Bill 2, Fairness for Military Families Act (Employment Standards and Health Insurance, 2007 was introduced on Dec. 1 and received Third Reading the same day.
The Bill represents an amendment to the Employment Standards Act (ESA), 2000, which currently offers no statutory job protection for Canadian Forces Reservists who volunteer for operational military missions. Bill 2 will provide such job protection to reservists who have six months of continuous employment with an employer covered by the ESA.

The legislation entitles reservists to a leave period to engage in the operation for which they have been deployed. For international operations, this includes any pre-deployment or post-deployment activities required by the Canadian Forces. Upon the reservist’s return, the employer is required to reinstate the reservist to the same position if it still exists, or to a comparable position if it does not.

The financial impacts associated with this legislative change are negligible since there is no requirement for the employer to continue benefits during the unpaid leave of absence. Employers’ financial responsibilities are limited to the cost of hiring and training an employee to fill the position temporarily vacated by the reservist. The average reservist’s mission, including training and re-introduction time, is 18 months, although they are entitled to a leave period that is necessary to fulfil the service requirement. Reservists must provide as much notice, in writing, as is reasonable in the circumstances, for both start and end dates.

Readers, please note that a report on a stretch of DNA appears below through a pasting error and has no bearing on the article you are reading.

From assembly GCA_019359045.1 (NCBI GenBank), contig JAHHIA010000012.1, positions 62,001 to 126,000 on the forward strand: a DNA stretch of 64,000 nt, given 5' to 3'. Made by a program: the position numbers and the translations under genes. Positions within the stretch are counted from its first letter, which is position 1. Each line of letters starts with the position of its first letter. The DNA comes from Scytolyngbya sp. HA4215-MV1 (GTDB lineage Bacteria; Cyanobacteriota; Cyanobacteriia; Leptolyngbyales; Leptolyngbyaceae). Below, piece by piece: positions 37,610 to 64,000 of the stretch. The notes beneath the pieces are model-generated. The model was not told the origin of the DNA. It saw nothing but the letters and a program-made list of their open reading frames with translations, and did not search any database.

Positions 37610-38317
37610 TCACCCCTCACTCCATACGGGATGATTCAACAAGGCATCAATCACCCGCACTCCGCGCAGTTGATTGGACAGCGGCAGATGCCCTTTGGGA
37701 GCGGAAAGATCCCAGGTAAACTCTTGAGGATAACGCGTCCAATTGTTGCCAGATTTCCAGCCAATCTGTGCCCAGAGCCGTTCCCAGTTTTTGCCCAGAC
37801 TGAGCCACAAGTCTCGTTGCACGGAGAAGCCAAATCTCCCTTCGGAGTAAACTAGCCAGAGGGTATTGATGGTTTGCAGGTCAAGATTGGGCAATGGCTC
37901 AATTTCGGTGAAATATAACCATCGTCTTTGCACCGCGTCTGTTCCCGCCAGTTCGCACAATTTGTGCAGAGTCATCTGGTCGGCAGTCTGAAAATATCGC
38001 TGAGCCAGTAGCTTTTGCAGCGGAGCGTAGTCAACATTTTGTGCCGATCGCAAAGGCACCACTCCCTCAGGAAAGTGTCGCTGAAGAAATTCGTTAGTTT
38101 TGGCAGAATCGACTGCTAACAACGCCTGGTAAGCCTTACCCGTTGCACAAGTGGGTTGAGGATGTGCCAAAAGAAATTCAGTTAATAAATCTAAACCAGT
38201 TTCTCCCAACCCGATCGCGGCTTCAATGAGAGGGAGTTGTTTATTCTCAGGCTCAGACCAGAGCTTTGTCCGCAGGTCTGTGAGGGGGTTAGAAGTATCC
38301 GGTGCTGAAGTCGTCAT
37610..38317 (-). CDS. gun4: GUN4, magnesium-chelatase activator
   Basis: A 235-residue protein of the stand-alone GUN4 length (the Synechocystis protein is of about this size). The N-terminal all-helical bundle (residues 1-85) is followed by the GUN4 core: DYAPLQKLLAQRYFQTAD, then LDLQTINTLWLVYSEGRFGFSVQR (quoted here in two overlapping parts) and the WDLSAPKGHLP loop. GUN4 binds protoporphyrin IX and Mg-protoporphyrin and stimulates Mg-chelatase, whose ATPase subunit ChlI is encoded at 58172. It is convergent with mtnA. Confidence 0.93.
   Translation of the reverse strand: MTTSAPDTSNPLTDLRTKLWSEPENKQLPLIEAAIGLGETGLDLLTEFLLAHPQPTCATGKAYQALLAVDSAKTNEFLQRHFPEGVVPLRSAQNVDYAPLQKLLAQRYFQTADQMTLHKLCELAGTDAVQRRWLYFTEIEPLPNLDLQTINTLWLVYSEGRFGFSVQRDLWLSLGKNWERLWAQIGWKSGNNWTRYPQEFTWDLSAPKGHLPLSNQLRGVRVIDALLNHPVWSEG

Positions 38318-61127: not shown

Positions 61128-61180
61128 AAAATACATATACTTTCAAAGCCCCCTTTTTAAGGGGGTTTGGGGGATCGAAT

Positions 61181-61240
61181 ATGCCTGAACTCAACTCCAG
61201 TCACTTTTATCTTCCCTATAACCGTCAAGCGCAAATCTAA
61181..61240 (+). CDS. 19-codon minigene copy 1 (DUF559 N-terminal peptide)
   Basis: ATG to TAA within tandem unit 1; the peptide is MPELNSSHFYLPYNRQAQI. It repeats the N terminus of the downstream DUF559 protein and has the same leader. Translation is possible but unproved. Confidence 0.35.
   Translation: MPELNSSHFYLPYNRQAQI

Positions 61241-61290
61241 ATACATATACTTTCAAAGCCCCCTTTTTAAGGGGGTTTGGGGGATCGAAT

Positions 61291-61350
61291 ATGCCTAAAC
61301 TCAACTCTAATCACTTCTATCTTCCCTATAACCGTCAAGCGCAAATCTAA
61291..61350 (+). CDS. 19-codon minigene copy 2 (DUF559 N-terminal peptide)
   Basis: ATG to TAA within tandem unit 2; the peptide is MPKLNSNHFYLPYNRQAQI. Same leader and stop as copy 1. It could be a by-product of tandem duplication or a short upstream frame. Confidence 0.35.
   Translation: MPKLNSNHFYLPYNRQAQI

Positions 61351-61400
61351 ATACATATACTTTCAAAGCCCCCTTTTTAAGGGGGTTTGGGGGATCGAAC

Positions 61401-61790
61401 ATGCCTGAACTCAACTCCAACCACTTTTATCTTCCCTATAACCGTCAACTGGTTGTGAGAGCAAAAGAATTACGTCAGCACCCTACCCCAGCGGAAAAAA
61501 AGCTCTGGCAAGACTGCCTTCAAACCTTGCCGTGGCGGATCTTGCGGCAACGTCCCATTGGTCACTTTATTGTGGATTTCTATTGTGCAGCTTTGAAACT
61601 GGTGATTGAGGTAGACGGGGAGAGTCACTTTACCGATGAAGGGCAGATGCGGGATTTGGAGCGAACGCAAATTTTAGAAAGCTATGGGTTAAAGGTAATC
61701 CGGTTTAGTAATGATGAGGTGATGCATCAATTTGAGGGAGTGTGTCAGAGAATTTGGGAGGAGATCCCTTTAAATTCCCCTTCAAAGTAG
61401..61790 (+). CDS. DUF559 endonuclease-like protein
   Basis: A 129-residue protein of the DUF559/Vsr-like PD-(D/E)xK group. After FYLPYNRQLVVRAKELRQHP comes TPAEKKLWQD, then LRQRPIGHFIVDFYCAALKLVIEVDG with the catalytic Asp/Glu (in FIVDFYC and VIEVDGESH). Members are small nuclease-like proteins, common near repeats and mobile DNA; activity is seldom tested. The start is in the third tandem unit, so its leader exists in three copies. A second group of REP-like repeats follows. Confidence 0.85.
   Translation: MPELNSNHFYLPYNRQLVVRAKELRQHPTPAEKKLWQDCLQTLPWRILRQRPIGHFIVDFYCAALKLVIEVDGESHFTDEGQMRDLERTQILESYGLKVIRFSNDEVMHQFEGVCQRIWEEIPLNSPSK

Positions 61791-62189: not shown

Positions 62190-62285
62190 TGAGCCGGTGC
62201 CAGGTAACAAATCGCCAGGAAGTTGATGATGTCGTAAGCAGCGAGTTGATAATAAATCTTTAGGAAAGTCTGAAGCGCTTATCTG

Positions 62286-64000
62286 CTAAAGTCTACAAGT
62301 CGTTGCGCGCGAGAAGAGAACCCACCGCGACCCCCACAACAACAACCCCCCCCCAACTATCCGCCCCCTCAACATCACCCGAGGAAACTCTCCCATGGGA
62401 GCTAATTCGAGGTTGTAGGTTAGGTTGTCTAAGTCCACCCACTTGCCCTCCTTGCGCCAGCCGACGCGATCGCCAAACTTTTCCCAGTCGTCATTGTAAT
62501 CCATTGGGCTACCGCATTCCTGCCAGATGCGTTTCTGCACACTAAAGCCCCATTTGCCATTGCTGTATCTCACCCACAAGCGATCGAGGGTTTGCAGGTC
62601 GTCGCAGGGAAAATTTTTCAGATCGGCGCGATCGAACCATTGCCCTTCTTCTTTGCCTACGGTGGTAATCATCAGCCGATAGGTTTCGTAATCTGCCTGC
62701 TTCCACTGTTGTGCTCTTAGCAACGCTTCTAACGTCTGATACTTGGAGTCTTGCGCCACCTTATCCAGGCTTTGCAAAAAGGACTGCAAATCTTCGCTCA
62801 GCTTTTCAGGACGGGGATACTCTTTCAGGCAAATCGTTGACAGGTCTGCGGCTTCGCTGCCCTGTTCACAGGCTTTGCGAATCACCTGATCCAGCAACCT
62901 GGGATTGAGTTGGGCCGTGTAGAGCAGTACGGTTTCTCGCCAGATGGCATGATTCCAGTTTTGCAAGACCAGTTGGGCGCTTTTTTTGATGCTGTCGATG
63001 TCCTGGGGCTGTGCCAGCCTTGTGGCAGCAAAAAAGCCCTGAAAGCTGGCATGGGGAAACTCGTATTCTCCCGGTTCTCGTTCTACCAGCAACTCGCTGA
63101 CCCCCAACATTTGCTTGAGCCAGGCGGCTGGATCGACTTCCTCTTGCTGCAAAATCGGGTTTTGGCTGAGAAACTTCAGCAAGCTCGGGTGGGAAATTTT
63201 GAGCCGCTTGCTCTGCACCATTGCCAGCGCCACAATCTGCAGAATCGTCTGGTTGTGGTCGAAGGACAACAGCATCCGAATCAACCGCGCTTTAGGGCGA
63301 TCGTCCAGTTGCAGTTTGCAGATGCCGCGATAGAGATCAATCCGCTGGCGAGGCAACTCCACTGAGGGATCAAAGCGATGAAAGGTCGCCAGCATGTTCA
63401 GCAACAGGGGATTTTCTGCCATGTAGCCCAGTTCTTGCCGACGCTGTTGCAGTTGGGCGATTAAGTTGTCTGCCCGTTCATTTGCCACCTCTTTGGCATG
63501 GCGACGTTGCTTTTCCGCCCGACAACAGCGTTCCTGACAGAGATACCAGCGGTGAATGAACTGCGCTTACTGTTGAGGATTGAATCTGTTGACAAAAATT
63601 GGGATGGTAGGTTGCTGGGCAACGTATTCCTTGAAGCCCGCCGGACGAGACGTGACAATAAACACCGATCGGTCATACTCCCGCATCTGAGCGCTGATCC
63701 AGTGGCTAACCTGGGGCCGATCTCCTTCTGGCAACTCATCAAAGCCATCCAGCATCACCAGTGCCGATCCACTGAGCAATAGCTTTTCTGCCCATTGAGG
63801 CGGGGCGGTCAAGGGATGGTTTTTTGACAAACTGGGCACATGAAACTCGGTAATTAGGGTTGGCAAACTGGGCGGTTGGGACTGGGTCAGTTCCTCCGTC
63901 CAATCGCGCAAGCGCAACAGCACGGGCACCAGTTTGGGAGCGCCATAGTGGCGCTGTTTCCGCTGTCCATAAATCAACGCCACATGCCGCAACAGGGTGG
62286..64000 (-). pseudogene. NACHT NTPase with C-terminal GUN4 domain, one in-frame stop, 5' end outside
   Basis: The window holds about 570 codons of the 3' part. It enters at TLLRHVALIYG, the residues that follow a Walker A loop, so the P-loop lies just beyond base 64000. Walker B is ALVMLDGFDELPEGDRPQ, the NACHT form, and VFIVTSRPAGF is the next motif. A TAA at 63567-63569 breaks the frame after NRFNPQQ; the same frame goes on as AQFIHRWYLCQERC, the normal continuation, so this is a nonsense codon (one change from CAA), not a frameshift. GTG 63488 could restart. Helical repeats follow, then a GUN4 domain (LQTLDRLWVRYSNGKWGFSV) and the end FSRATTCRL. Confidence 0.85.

Currently, there are about 11,675 reservists in Ontario, about 45 percent of whom are employed. Of these, about 50 percent are employed in the public sector. Across the province, there are about 100 public sector employees deployed annually.

To date, 25 municipalities have signed formal statements of support for the protection of reservists’ jobs. Manitoba, Saskatchewan, PEI and Nova Scotia have also recently introduced job protection legislation for reservists.